German Cabinet Approves Controversial Cultural Export Bill

20027979412_873bd0e26d_h

A piece of German legislation that has drawn the ire of artists like Georg Baselitz and Gerhard Richter was approved by the country’s federal cabinet, and is now headed to the Bundestag. The bill, called the “Culture Protection Act,” originally sought to impose restrictions on the export of artworks valued in excess of €150,000 or over 50 years old. Now, according to Deutsche Welle, it appears these limits have been relaxed to €300,000 and 70 years. When culture minister Monike Grütters first proposed the law in July, Baselitz withdrew all works he had on loan to German institutions, and Richter threatened to do the same, calling the law “an interference with freedom.”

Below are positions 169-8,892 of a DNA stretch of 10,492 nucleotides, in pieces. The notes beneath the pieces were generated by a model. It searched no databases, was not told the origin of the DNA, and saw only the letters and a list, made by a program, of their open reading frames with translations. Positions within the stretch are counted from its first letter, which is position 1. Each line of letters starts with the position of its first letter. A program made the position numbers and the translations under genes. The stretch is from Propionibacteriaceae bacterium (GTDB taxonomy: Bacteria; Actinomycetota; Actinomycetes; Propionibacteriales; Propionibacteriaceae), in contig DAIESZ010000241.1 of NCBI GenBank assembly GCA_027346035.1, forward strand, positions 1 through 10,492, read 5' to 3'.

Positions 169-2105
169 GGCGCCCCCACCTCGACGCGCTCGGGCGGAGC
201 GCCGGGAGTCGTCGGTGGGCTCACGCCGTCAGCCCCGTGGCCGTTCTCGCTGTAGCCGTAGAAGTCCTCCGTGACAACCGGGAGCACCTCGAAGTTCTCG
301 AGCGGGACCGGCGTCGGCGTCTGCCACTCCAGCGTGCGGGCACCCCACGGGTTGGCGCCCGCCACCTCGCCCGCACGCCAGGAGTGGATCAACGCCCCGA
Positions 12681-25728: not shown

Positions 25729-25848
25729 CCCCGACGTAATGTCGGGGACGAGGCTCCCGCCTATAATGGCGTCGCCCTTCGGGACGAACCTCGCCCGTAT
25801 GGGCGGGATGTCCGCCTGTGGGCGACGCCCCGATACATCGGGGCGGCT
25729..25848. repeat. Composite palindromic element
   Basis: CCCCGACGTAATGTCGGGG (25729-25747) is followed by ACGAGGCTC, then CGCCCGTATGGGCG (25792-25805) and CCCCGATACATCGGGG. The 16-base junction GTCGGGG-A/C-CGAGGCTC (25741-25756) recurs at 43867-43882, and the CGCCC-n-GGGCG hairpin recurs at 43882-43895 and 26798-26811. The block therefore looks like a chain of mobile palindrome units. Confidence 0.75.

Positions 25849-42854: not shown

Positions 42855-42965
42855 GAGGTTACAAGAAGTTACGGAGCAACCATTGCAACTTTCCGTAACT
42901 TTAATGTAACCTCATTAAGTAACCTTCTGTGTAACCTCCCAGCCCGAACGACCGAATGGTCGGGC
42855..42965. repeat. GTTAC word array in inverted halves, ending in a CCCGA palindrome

Others have also criticized the law, including gallerist Michael Werner and billionaire Hasso Plattner, who has vowed to withdraw a planned donation of his collection to a state museum should the act go into effect, as Artnet News has noted. The “Culture Protection Act” also proposes oversight on antiquities imports, an area that has — as we have previously reported — been of particular interest to United States authorities amid reports of terrorists groups like ISIS profiting from the illicit trade in artifacts. This aspect of the bill has proven considerably less controversial.

Mostafa Heddaya (@mheddaya)

(Photo: Georg Baselitz at the 2015 Venice Biennale, Jean-Pierre Dalbéra/Flickr)